The function stub is also quickly implemented. In the Functions folder we place a file with the appropriate name and provide a function with the necessary API. This function can now be used as an entry point for any business logic.


module.exports.handler = async (event, context, callback) => {

WebHook and integration pattern

Thus, we have made all preparations on the infrastructure side to define and implement the WebHook integration. To do this, we store our URL (from the API gateway) in the configuration of the SaaS solution. As a result, an HTTP request is triggered to the configured URL whenever the status changes. But how does the third-party provider want to authenticate itself? In this particular case, it is very simple via a static token in the URL. This is not a standard authentication. The function therefore takes care of parsing the token itself.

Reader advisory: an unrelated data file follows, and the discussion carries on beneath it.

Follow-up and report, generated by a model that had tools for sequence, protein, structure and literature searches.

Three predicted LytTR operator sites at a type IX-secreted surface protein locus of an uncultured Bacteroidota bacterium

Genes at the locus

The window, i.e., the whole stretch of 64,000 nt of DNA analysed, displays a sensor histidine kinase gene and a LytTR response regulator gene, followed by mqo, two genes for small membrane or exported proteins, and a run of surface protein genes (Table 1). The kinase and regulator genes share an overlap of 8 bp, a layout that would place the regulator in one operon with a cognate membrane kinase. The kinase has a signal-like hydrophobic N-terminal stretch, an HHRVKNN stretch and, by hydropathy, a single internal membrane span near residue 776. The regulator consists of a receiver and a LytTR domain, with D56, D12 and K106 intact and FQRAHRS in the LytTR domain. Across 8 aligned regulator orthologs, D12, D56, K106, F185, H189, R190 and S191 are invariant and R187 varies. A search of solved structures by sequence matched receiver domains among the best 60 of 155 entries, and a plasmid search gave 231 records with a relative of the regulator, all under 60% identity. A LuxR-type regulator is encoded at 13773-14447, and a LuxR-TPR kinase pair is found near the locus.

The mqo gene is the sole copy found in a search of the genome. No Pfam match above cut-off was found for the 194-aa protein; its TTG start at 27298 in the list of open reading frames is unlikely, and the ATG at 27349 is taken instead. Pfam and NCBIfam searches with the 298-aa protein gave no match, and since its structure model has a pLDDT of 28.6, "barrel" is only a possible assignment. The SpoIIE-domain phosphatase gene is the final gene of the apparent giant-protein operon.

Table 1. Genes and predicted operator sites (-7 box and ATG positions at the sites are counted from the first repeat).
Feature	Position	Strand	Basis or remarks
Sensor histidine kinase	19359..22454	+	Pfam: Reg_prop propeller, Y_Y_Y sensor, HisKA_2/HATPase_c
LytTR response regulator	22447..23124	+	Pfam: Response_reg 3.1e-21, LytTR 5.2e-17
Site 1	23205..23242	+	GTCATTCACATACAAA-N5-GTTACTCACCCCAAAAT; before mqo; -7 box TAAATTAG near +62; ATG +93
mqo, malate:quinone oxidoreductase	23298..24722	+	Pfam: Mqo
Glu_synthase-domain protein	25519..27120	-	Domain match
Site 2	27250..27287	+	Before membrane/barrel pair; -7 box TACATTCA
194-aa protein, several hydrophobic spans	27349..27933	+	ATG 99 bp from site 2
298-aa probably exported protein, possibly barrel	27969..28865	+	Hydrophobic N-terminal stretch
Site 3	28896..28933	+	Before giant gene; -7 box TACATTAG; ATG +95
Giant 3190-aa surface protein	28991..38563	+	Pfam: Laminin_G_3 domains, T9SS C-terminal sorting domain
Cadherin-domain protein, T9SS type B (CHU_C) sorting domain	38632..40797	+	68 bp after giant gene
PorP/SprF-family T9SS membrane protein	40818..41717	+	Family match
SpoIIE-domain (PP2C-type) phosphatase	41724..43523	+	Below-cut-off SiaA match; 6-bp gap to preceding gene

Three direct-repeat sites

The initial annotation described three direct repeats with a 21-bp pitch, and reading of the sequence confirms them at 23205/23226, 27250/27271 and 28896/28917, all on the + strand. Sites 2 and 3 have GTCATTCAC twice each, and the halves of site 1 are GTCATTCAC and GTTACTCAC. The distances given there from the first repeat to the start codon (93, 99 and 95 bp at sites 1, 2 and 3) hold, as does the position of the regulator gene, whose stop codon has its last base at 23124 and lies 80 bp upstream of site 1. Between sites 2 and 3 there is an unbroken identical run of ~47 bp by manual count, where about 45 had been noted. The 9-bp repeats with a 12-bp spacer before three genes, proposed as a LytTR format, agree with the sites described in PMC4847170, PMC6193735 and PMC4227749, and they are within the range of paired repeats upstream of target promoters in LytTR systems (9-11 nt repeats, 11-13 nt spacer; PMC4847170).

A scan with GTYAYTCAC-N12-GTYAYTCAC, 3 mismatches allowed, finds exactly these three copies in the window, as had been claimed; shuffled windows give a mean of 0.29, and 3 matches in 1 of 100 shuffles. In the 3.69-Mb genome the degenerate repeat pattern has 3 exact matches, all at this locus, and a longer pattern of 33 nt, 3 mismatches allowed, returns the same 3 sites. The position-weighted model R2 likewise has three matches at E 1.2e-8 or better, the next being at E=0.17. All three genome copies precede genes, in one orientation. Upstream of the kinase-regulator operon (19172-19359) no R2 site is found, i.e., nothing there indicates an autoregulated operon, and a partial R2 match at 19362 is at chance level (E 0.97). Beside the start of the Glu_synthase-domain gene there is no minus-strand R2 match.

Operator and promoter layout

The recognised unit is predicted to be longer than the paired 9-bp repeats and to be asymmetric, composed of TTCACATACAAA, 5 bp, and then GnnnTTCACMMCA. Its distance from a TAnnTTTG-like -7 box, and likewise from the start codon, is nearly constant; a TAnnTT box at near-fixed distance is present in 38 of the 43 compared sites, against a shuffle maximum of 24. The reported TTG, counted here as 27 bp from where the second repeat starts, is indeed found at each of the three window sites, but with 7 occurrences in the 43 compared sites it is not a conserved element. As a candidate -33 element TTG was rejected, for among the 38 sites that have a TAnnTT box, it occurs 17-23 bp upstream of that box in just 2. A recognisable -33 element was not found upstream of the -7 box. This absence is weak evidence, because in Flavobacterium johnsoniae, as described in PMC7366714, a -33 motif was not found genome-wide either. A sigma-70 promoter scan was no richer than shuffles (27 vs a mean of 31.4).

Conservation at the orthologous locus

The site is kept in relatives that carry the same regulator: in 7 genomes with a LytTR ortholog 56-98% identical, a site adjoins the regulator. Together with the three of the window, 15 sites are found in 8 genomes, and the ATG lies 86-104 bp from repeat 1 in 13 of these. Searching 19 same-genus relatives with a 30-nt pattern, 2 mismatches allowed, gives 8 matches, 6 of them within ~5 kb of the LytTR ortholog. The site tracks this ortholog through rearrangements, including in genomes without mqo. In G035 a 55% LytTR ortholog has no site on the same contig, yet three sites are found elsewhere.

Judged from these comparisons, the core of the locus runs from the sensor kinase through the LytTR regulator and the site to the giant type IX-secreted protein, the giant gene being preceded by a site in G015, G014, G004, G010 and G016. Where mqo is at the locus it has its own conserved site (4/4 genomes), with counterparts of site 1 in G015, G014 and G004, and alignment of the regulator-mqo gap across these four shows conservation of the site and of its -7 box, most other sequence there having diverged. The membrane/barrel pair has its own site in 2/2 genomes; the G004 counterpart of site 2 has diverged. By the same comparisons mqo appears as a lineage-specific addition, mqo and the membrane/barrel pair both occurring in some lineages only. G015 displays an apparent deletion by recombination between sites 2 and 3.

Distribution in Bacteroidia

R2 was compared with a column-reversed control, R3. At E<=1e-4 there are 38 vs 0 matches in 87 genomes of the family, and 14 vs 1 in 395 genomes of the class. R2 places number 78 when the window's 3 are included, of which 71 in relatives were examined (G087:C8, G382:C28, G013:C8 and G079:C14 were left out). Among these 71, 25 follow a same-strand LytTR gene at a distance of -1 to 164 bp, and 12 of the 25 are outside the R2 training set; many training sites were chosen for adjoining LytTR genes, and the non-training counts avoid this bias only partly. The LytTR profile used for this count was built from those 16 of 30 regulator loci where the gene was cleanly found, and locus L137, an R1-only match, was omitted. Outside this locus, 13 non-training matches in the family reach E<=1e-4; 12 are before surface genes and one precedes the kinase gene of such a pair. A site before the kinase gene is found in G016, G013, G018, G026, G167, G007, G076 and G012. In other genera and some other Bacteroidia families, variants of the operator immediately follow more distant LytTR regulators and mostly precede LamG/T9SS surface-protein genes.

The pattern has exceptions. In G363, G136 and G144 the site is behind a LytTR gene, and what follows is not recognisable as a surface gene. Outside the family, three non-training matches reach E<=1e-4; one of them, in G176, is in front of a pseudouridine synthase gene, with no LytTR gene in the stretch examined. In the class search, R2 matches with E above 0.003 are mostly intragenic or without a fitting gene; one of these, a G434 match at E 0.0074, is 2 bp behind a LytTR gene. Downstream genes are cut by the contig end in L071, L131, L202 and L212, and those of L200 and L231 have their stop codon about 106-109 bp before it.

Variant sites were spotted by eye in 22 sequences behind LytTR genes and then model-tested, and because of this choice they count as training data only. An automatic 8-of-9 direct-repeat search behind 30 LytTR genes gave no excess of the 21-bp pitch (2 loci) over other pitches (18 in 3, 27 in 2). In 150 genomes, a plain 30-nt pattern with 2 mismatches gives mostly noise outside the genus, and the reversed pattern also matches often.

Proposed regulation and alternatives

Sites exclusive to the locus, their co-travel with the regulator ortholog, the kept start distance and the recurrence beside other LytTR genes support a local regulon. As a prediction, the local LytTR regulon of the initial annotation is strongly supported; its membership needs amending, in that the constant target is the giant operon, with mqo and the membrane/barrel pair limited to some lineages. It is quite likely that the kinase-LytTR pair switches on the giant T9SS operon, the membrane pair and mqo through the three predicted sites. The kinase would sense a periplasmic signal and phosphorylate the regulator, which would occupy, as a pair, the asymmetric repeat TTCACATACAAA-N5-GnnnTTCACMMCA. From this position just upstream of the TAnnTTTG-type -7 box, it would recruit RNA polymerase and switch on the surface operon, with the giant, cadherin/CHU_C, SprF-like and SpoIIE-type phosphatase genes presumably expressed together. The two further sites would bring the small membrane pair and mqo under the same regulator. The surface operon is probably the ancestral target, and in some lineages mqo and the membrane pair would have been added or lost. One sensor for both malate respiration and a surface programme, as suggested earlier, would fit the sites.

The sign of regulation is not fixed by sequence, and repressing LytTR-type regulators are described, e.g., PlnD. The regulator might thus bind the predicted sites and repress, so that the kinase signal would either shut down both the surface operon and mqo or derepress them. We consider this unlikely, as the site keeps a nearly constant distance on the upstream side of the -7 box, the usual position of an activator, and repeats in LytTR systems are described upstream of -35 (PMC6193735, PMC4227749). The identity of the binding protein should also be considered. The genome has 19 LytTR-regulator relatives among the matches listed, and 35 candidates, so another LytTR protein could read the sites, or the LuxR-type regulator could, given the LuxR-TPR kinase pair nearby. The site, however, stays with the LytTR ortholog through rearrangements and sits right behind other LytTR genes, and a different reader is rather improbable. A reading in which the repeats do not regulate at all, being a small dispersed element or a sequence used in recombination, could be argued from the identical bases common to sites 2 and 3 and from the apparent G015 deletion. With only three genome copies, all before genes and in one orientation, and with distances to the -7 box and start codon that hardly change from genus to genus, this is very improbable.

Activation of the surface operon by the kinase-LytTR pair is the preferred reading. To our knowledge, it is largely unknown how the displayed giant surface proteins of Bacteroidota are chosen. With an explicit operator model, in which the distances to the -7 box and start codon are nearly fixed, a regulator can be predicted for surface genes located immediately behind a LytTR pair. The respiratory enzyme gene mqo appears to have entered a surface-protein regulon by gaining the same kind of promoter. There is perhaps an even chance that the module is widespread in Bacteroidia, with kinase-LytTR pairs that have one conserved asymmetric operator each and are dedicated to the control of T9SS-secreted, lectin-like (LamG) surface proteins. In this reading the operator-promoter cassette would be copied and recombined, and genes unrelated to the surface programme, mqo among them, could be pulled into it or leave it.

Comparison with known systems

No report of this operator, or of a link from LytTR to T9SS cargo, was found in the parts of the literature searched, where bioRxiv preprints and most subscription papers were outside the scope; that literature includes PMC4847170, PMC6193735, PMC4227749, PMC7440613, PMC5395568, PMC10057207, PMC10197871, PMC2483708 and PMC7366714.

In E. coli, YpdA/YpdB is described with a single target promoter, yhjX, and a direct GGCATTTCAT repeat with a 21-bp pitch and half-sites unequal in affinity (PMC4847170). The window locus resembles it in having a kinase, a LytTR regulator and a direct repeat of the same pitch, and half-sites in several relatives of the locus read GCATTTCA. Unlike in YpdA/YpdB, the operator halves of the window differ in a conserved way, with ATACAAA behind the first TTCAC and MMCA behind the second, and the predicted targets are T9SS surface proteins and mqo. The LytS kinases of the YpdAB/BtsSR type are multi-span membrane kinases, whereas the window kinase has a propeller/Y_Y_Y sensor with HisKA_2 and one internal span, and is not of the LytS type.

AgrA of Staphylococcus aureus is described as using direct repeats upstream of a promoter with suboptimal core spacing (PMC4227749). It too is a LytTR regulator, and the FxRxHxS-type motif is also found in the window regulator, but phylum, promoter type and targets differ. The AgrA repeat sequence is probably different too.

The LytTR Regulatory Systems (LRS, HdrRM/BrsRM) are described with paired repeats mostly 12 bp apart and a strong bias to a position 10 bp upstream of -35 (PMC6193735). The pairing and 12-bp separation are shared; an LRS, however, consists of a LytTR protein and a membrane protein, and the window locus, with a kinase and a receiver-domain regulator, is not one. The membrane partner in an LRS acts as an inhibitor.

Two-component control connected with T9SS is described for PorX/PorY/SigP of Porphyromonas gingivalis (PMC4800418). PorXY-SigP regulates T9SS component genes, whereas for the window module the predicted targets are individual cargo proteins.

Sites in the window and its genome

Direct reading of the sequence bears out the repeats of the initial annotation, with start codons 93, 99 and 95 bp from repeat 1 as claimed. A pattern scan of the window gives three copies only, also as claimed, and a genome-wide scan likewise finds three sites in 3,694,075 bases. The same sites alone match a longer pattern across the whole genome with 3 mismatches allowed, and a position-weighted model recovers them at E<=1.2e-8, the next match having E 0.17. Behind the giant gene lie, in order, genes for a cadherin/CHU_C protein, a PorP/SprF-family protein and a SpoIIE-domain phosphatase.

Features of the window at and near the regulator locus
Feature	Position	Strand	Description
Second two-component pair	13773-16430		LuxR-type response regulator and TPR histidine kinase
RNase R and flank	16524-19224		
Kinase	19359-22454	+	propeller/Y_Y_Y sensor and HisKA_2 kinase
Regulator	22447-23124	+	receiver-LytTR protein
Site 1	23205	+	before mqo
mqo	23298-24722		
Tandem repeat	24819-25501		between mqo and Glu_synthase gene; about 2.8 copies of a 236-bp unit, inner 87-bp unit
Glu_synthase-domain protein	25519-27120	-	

However, it is obvious that we do not want to store the configured tokens as plain text. Accordingly, we use environment variables that we can call in the function. For this, Serverless Framework offers the option to store key-value pairs in env.yml. Listing 1 shows an example excerpt and how it is possible to create global as well as environment-specific variables.


Listing 1

Globals: &globals
  foo: "BAR
  <<: *globals
  TOKENS: "egknk8ax5f5weysq9ay4"
  <<: *globals
  TOKENS: "0cg5ycxq1i6yis2dknyd"


So the endpoint is there, authentication is possible – what remains is the logic. In this case, we have decided on a further abstraction. Our function sends a message via an AWS SQS queue and that’s it. The existing app serves as a message handler and processes all incoming messages. Depending on the message type, different processes are handled. This solution offers the following advantages:

Almost every backend can handle corresponding queues (no lock-in). If it is not possible to process the message at the current time, we can use retry strategies.